This is not the real world. While the Euronext analysis may be relevant to a narrow segment of the overall European market (e.g. local retail orders for stocks traded on the local stock exchange), its application to the broader European context is minimal. Like investment firms, regulated markets are now privatised 'for profit' companies whose primary aim is the enhancement of shareholder value. Their ability to act disinterestedly in the public interest is constrained by the need to increase revenue, cut costs, and maximise profits. Eliminating competition may be one way of achieving this. Stock exchanges are no longer the public institutions they were as recently as fifteen years ago. Then the exchanges worked with governments in setting, through statute or regulation, barriers to entry, minimum commissions and market structure.
Today, whilst privatised regulated markets contribute positively to a competitive marketplace, acting in the public good is likely to be a priority for only as long as it is perceived to contribute to 'brand loyalty'.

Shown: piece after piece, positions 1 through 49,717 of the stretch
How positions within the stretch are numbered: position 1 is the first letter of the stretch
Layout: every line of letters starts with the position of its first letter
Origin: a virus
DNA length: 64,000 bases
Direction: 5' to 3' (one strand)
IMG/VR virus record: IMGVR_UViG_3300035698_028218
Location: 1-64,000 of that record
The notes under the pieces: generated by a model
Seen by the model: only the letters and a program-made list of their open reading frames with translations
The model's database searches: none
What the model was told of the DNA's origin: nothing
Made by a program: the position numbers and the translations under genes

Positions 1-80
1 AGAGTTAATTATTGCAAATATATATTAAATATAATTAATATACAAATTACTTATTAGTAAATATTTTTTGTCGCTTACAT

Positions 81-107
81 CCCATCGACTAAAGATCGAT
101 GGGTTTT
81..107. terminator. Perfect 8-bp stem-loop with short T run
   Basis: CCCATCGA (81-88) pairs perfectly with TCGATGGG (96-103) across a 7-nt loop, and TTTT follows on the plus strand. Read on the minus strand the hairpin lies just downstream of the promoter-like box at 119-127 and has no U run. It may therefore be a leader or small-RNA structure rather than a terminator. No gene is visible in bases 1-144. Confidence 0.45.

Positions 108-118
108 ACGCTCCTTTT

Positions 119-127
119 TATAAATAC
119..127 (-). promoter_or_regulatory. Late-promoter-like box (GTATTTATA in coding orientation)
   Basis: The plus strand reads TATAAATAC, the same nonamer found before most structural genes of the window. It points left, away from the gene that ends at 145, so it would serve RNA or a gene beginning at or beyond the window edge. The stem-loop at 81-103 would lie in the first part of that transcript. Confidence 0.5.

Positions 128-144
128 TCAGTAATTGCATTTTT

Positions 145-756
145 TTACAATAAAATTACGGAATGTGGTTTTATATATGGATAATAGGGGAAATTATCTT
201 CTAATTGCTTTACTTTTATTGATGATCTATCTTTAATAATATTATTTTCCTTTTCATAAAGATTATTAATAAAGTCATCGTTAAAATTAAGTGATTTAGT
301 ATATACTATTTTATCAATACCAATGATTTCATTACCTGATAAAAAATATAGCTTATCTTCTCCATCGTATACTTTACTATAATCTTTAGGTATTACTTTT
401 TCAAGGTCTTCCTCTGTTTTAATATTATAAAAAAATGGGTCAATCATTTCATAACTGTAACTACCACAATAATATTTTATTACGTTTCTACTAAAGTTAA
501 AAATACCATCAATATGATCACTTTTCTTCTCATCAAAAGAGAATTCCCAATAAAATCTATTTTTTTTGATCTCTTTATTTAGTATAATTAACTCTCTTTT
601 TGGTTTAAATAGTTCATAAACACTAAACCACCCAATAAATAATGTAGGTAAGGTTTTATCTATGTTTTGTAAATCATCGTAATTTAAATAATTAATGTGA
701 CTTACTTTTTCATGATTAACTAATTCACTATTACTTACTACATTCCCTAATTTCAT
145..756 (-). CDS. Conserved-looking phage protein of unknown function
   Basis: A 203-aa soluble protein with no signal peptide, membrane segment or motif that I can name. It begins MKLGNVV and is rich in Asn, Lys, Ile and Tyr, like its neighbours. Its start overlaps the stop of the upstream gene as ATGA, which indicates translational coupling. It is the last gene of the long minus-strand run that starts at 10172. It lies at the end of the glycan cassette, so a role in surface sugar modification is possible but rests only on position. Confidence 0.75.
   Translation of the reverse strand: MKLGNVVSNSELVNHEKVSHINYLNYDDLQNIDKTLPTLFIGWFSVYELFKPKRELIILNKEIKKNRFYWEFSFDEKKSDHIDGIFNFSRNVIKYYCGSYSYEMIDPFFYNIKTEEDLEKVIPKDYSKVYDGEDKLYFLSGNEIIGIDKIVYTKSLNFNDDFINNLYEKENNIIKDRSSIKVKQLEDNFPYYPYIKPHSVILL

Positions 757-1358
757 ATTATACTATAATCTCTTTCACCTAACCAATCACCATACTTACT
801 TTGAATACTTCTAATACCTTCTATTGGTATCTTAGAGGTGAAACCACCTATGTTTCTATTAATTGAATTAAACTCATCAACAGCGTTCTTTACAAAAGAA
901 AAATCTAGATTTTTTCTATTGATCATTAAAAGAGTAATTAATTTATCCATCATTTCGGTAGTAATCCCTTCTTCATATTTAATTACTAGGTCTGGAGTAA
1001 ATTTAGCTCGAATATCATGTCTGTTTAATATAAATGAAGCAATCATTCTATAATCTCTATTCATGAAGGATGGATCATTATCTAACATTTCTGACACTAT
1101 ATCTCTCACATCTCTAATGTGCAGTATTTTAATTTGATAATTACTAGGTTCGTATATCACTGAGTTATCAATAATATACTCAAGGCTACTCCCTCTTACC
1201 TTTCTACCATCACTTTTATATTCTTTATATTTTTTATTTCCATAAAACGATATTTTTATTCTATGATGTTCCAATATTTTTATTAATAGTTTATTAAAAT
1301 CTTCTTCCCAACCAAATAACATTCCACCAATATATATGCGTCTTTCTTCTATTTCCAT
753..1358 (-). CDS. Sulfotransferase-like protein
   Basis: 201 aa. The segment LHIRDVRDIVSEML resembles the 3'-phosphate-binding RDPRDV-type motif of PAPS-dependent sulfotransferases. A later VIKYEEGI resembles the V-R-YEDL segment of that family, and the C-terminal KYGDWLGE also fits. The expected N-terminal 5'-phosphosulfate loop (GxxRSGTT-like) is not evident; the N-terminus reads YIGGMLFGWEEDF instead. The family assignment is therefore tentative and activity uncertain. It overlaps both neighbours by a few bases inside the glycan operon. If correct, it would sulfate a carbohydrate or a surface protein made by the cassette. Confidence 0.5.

As to competition for order flow, there is, in fact, very limited inter-exchange competition in Europe. A few stocks have traditionally been cross-listed and trade significant volume on two exchanges; Unilever, Royal Dutch and in recent years, one or two others, such as Nokia, have joined them. But as Euronext has publicly acknowledged, these are very much the exception. New regulated markets, established specifically to increase competition and provide investors with choice, have made little impact. Furthermore, it should not be forgotten that sources of potential inter-exchange competition are being reduced by merger and acquisition.